Narratives

Storytelling is part of life and this activity helps us make sense of the world, teaching us how to handle the hard days. Stories educate, inspire, and build relationships. — Glenice Robinson-Como

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My friend Bruce, with whom I walked across Massachusetts in the spirit of 9/11 truth last spring, is a Unitarian. I’m an Episcopalian. He’s an engineer and a onetime college teacher of math and computer science. I’m a semi-retired journalist (the “semi” because of this blog).

Countless times during the walk from Provincetown to the New York State line, Bruce would tell strangers, “You can’t pulverize concrete,” much less iron and steel. Except, in the case of the World Trade Center’s Twin Towers and Building 7, “with pre-planted explosives and incendiaries of the kind sometimes described as military-grade.

David Ray Griffin knows this. He’s the author of Christian Faith and the Truth Behind 9/11 (2006) and eight or ten other books about the crime of the century. Bruce lent me his copy of the 2006 Griffin book the last time we got together and had brunch. Griffin’s books are never reviewed in the pages of such hopeless defenders of the executive branch’s 9/11 narratives as the New York Times and the rest of the mainstream media and most of the less-than-mainstream media.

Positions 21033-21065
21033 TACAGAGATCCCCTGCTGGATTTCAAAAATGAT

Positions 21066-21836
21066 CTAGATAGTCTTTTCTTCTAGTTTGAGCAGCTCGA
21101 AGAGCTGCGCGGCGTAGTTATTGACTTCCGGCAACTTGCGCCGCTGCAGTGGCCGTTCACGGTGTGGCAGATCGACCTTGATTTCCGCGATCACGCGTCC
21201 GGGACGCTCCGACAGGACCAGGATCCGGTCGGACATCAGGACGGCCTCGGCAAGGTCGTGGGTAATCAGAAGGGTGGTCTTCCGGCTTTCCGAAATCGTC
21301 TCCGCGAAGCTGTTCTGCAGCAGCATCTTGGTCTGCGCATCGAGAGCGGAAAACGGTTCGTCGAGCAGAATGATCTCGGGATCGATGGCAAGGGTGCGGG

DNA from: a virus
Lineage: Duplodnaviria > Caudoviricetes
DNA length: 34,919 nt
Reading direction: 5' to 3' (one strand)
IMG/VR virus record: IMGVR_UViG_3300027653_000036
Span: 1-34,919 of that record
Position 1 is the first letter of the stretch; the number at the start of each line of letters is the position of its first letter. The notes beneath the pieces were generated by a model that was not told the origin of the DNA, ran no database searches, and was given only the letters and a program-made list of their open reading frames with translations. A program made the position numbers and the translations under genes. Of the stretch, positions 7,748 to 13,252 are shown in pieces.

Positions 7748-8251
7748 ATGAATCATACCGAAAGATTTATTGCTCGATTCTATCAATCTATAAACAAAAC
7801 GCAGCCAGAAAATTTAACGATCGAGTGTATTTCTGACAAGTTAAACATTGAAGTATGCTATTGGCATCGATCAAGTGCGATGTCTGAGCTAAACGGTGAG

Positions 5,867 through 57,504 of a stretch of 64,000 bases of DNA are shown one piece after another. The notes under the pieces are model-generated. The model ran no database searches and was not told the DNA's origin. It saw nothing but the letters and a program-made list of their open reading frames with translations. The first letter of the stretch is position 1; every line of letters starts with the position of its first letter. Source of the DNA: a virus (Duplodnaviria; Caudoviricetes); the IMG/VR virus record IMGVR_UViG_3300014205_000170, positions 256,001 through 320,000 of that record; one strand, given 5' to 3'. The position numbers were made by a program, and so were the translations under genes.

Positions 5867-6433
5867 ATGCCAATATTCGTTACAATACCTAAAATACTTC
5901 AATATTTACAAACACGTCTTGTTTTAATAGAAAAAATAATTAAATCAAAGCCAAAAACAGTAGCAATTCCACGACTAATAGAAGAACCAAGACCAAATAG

Here’s where the Glenice Robinson-Como quote (up top) comes in. Stories do inspire and help people “through the hard days.” However, when concocted oh-so-carefully by a government bent on instilling fear to wreak havoc around the world, and buttressed by a fearful and compliant media, storytelling becomes part of repression and death.

One reason the truth of the mass murders of that clear September day nearly 18 years ago has taken so long to gain traction is that the executive branch of the U.S. government has divided and conquored — and big business including the military contractors, organized labor, organized religion, and just about everything else that can be organized, has gone along.

That is ending.

The mainstream media are putting themselves out of business with their lies and coverups.

“… No matter what problems we face, God in heaven will show up and show out,” writes Robinson-Como.

As it happens, she was writing, HERE, about a chapter of the Book of Daniel dealing with Daniel’s restoration of sanity to the realm of King Nebuchadnezzar. But her reflexion pertains as well thousands of years after someone wrote that story.

— Mark

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